View additional General G statistic computations. The p-value is a numerical approximation of the area under the curve for a known distribution, limited by the test statistic. See What is a Z score? What is a p-value?.
InterpretationThe High/Low Clustering tool is an inferential statistic, which means that the results of the analysis are interpreted within the context of a null hypothesis. The null hypothesis for the General G statistic states "there is no spatial clustering of the values". When the absolute value of the Z score is large and the p-value is very small, the null hypothsis can be rejected (see What is a Z score? What is a p-value?). If the null hypothesis is rejected, then the sign of the Z score becomes important. If the Z score value is positive, it means that high values cluster together in the study area. If the Z Score value is negative, it means that low values cluster together.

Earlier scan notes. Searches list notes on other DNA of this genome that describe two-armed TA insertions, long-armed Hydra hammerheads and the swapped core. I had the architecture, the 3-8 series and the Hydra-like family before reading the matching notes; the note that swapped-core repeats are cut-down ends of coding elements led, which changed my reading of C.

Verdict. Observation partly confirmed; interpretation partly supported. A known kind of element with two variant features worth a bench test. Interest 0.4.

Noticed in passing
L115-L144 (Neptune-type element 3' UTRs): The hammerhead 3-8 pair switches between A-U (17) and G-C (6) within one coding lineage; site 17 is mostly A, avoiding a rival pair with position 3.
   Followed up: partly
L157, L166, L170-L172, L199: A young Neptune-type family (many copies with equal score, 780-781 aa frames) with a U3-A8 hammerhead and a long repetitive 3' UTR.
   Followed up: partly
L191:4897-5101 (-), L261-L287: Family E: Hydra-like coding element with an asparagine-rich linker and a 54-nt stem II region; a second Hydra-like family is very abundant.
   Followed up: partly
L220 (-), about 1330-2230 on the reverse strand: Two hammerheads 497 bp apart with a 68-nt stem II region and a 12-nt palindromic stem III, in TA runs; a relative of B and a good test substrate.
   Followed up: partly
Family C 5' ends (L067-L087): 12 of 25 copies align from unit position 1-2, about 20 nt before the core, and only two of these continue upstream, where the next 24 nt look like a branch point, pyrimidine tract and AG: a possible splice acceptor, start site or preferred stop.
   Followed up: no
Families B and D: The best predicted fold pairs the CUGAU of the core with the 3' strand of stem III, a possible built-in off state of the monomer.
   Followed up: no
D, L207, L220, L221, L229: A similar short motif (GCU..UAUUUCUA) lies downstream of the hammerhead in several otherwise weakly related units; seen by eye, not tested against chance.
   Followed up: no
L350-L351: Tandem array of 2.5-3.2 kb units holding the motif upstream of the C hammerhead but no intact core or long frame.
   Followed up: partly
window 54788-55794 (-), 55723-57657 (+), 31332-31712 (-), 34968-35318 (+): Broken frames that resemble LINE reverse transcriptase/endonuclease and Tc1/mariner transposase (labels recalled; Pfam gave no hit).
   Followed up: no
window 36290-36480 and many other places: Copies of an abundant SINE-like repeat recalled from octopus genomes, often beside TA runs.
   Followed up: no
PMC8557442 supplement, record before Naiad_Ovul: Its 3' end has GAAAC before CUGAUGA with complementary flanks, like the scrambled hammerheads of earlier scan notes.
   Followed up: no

- Comparing the spatial pattern of different types of retail within a city to see which types cluster with competition to take advantage of comparison shopping (automobile dealerships, for example) and which types repel competition (fitness centers/gyms, for example).
- Summarizing the level at which spatial phenomena cluster in order to examine changes at different times or in different locations. For example, it is known that cities and their populations cluster. Using High/Low Clustering analysis, you can compare the level of clustering for western versus eastern cities (urban morphology) or the level of population clustering within a single city over time (analysis of urban growth and density).